Sunday, June 20

Covid’s Contract for a Company Run by Friends of Cummings Was Illegal, Judge Rules | Coronavirus


The government acted illegally when it awarded a no-bid contract last March to a survey company owned by friends of Dominic Cummings, Boris Johnson’s then-senior adviser, a judge ruled.

Judge O’Farrell, who ruled on the Cabinet Office contract with Public First, said: “The June 5, 2020 decision to award the contract to Public First resulted in apparent bias and was illegal”.

The ruling is the first in a series of legal appeals for judicial review filed by the Good Law Project (GLP) against Covid-19 government contracts awarded without competitive bids under emergency regulations.

The government has defended the cases with determination, initially trying but not getting it dismissed, then refusing to limit its costs. That has put GLP, a nonprofit organization that raises money through crowdfunding to support its mission declared to “use the law to protect the interests of the public,” at serious financial risk if you lose and have to pay government costs.

In February, the Government Legal Department notified GLP that its costs to defend the challenge to Public First’s award could reach £ 600,000, more than the value of the contract.

Public First is led by husband and wife policy specialists James Frayne and Rachel Wolf, who previously worked with Cummings and Cabinet Office Minister Michael Gove. He was initially awarded a contract with the Cabinet Office last January, having been recommended to public officials by Cummings and three other senior Johnson officials.

He held focus groups with mostly new Tory voters in northern cities on what the promise of “leveling up” government meant to them. When the pandemic struck, Cummings urged public officials to hire Public First to conduct focus groups on the government’s Covid-19 health messages.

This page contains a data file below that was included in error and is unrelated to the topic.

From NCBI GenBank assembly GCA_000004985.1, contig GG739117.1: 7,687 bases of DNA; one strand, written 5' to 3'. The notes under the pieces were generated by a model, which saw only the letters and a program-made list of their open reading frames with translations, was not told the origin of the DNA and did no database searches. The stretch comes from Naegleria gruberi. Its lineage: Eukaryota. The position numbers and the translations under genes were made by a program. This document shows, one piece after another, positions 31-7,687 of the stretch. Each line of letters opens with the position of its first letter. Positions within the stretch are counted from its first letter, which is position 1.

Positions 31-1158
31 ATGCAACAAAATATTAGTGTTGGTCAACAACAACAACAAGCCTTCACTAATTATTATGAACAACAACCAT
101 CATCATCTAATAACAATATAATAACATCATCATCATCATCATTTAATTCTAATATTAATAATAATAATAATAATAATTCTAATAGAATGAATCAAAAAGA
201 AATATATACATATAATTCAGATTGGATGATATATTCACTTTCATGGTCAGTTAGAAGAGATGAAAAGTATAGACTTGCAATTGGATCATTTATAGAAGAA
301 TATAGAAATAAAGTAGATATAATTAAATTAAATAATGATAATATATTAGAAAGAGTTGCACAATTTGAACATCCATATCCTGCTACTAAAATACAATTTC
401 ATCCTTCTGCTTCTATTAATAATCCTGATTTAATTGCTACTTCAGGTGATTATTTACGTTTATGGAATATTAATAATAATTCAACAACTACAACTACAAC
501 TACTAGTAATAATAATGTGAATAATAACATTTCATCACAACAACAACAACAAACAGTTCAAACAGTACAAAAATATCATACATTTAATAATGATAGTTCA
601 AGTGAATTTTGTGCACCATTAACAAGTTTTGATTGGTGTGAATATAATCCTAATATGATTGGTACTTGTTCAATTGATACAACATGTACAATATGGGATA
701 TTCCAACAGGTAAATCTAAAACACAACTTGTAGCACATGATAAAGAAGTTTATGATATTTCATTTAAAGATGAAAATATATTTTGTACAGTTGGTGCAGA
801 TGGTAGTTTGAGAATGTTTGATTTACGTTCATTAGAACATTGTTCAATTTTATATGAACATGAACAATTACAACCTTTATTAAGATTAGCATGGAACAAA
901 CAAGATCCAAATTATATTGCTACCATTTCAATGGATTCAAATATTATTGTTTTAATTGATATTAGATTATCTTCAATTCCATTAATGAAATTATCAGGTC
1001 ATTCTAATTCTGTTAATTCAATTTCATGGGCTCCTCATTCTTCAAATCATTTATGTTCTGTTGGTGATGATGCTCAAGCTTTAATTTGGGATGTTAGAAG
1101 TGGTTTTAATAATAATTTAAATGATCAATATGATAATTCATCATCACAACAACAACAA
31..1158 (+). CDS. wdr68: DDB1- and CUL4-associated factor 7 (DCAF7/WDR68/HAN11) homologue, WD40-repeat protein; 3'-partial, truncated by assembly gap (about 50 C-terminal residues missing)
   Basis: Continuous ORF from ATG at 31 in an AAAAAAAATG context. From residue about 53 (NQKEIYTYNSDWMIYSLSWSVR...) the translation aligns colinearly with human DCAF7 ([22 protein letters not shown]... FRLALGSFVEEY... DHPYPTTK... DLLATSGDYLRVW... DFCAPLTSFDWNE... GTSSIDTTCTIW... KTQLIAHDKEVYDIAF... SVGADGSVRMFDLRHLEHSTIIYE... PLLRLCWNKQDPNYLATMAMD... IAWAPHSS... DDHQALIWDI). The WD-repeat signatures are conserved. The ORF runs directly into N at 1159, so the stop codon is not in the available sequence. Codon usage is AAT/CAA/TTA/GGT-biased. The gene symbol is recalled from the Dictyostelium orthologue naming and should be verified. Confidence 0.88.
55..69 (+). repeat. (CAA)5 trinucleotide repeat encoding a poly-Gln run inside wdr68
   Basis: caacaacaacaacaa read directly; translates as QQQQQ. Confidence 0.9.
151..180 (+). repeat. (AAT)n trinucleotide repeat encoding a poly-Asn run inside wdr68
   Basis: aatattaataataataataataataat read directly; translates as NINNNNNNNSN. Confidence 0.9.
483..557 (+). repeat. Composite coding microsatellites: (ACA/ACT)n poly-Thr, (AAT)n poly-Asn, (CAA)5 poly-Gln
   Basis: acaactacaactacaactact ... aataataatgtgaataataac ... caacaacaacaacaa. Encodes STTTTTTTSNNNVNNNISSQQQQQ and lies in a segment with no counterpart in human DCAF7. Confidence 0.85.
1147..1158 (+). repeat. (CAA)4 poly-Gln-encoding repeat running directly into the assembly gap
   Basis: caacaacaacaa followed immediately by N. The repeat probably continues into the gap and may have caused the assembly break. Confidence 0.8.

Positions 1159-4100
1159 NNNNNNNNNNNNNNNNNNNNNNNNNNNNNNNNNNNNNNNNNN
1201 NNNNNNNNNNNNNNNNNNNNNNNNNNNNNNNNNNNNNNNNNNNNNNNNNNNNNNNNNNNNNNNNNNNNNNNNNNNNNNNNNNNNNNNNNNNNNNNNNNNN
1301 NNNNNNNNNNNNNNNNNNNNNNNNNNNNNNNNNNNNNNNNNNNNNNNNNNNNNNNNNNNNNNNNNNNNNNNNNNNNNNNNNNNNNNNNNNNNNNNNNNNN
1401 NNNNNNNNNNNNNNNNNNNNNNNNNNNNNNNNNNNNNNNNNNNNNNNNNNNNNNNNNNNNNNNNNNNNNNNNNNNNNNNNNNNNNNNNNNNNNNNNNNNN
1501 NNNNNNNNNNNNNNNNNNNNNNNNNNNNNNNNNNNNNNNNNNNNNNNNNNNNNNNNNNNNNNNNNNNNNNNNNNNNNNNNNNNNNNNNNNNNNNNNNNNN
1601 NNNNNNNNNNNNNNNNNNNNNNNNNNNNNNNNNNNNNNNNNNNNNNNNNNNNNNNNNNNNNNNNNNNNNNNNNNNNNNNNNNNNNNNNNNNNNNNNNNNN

The first contract, for £ 90,000, was below the threshold at which an open public tender is legally required. Internal emails released for the legal action revealed that a Cabinet Office official had described that work as “the conservative party’s investigative agency tests the conservative party’s narrative on public money.” The official said in a witness statement that she did not mean it.

The second Covid-19 contract was for a maximum of £ 840,000, but was awarded under regulations exempting the requirements for a tender due to the coronavirus emergency. Public First was eventually paid £ 564,393 for that job. The contract also included the secondment of a Public First partner, Gabriel Milland, to work on the Downing Street Covid-19 communications operation.

When The Guardian and OpenDemocracy first revealed the contract last July, the Cabinet Office said it was “foolish” to suggest that Frayne and Wolf’s long association with Cummings was a factor in the decision. However, when the case reached a hearing in February, Cummings confirmed in an eyewitness statement that Frayne and Wolf were his longtime friends, and that he had been instrumental in getting Public First the Covid-19 work.

Cummings said she hadn’t asked to be brought in because they were her friends, but because she believed, due to her knowledge of the company, that she was the only one capable of getting the job done right in such a short time. “Very few companies in this field are competent,” said Cummings, “almost none are very competent, honest and trustworthy.”

GLP argued to O’Farrell that the Cabinet Office acted illegally, with “apparent bias”, in awarding the contract. The government denied that, saying that the “past professional connection” between Cummings and the owners of Public First “simply allowed for a better judgment as to whether Public First was really the best / only appropriate body to perform services as needed.”

Frayne has also said that Public First had particular expertise to get the job done. However, Jan Gooding, president of the Market Research Society, said in an eyewitness statement that she was “extremely concerned” by Cummings’ comments about companies in the field, adding that there were many award-winning companies that were well rated. to meet this requirement. contract.


www.theguardian.com

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